The global impact of COVID-19 is unfolding at an exponential pace, which is greatly impacting the economy. In addition, business activity across all sectors has slowed, and trade has come to a standstill in many markets.
From a business perspective, there are many implications resulting from the spread and panic around COVID-19, which include:
- A drop in sales and business activity, with planned targets for Q1, and potentially Q2, being missed by wide margins
- Companies are enacting their disaster recovery and business continuity plans, due to forced closure of companies to decrease the potential spread of the virus
- Supply chains are being disrupted, especially impacting retail businesses. Servicing and software companies have been able to implement business continuity plans more effectively, to minimize disruptions.
- Clients and buyers might not be able to pay on time, which will result in a spike in bad debt that will require extensive debt collection efforts.
- Business travel has stopped, and only necessary meetings are being held in small groups, or through virtual conferencing solutions.
Companies are now faced with a growing challenge, which entails maintaining business activity, while managing the impact of the spread of COVID-19. Businesses are taking precautions to safeguard the livelihood of their teams, yet attempt to carry out business as normal, by allowing team members to work remotely.
So what can businesses do in such times?
Companies that are unable to adapt to the growing challenges, will likely not survive the crisis. Therefore, it is integral for companies to act fast and adopt new strategies, to be able to navigate through the current and imminent challenging period.
LCI recommends the following steps:
- Move urgent meetings and meetings that required travel, online, or reschedule them for a date in the near future (given the travel bans are lifted).
- Maintain close relations with partners and suppliers, to not create further disruptions. Supply chain disruptions are expected, especially for e-commerce / online businesses that have experienced a surge in demand due to the current COVID-19 crisis. Keep both partners and suppliers informed of the latest updates and negotiate better terms where needed.
- Implement contingency plans to ensure business disruptions are kept at bay. Whether corporate decisions are taken to close offices and have teams work remotely, or whether they are imposed by government officials, it is important for team members to understand their responsibilities. Immediately put in place clear channels of communication, reporting procedures and ensure all employees can connect to their emails / server. Ongoing internal communication is advised.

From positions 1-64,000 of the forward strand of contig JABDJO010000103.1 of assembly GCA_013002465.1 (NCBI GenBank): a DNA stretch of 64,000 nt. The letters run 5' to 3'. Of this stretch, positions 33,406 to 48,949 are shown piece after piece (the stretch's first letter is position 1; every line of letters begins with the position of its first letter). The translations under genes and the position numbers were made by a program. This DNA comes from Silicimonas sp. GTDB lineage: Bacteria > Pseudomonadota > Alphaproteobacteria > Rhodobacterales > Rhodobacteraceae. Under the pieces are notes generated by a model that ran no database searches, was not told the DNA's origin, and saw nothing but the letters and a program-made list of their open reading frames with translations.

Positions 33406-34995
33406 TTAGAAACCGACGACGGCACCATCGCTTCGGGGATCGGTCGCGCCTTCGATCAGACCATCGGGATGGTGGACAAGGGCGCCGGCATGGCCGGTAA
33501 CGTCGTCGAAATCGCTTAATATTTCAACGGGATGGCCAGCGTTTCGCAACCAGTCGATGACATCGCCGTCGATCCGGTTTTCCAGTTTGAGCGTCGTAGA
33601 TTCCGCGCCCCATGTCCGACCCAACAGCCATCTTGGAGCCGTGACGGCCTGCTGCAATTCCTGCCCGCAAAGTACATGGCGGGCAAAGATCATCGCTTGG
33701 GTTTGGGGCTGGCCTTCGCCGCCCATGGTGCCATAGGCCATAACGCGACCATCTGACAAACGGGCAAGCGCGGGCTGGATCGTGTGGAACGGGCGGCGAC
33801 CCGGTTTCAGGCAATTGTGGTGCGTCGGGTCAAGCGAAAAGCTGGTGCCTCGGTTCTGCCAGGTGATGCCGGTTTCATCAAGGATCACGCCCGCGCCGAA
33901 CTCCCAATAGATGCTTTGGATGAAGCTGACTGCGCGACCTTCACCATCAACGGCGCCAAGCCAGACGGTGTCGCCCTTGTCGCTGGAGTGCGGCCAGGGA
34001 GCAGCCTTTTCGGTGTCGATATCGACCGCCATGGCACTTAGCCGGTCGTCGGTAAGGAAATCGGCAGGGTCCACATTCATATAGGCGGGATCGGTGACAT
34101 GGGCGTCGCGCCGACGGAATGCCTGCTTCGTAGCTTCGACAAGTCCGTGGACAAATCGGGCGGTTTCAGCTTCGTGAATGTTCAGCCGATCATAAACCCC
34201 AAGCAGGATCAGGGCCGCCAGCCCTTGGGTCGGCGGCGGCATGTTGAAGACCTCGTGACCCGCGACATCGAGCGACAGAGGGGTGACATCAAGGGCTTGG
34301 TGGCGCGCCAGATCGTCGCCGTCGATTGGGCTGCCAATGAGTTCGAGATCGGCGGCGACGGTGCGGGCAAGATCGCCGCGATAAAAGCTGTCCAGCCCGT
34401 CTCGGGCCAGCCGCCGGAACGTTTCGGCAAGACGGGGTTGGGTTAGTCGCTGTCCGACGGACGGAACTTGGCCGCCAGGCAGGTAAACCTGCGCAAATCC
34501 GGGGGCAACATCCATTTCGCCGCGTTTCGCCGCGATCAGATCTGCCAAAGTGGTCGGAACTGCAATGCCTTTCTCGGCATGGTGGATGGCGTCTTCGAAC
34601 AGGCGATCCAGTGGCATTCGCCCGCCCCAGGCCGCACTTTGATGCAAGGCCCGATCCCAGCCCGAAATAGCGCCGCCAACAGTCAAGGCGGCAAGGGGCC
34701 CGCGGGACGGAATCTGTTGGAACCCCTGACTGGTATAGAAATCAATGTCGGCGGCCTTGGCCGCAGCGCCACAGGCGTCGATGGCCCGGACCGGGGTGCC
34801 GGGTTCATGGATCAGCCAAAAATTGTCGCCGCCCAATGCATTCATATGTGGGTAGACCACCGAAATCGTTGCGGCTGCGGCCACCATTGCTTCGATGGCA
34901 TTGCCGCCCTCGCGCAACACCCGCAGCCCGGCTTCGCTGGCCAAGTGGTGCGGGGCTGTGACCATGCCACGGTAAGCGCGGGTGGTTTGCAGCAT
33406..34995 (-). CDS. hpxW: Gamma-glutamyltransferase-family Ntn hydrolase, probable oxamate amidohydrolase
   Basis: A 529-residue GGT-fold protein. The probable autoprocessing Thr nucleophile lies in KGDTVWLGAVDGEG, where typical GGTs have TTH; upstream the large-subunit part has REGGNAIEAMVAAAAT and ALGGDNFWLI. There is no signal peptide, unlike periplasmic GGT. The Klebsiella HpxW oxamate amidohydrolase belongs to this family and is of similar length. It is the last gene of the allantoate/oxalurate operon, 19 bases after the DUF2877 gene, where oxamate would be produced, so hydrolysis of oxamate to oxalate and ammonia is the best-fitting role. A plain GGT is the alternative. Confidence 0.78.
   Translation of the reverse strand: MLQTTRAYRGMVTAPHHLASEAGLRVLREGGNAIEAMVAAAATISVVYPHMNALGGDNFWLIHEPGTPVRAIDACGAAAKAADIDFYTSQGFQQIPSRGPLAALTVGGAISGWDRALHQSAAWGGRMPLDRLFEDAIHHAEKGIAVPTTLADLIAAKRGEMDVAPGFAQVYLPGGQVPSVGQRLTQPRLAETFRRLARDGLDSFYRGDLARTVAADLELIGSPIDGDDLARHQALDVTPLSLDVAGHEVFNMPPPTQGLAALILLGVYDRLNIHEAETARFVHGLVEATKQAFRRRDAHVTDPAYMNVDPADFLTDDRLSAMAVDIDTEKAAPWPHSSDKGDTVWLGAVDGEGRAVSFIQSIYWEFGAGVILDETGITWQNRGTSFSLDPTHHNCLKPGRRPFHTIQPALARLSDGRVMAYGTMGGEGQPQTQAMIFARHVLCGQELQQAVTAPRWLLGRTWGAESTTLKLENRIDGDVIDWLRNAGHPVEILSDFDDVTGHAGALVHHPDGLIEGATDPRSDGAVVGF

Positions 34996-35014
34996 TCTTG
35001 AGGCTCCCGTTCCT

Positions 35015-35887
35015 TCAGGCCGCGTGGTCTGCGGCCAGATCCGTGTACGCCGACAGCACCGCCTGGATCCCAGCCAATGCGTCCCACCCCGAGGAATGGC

- Review your company’s cash flow and provision for different scenarios, as the repercussions of the crisis, as well as the climate of uncertainty, are expected to linger. Cutting expenses is important, provided that it does not harm the business.Companies will need to align all aspects of their business, including their operating models, workforce and systems, in order to become more agile. Companies that are the fastest to adapt to the current situation will have a higher chance of survival.
- Strategize, work on internal processes and strengthen your online presence. Now is the time to turn inwards and invest time to improve your company, products and services. Review and corporate materials that need revisions. Enhance the SEO ranking of your website and your business listings.
- Tailor sales and marketing plans, to adapt to the current situation. Both sales and customer acquisition in such times, are likely to be difficult to achieve. It is recommended that companies firstly provision for a drop in sales, in the forecasts, and work on a detailed plan, to acquire new customers. Understand the psychology of customers during such times and tailor your efforts to cater to them. You could simply send a friendly reminder that you are operational and there to support them.
- Identify potential partnerships to scale. Scaling up in uncertain times can be a big challenge. However, partnering with existent innovative companies and tech startups might be the solution. Research the local ecosystem and find any companies that are aligned with your business activities. Then seek to partner with startups that can innovate and test products or services, in collaboration with you.
- Lastly, depending on how long the impact of COVID-19 on the economy will prevail, drastic measures pertaining to restructuring might be necessary.
How is COVID-19 impacting trade?
Global shipping has been greatly impacted, and the sector is losing millions of dollars per week, due to forced measures to halt activity and the movement of goods. Trade has exponentially slowed and in some cases come to a halt.
What is the impact of COVID-19 on insurers?
Insurance companies, and particularly, trade credit insurers are feeling the impact of the pandemic outbreak. Global insurers foresee a spike in claims, due to forced cancellations of travel, movement of goods, capital and people, as well as events and orders.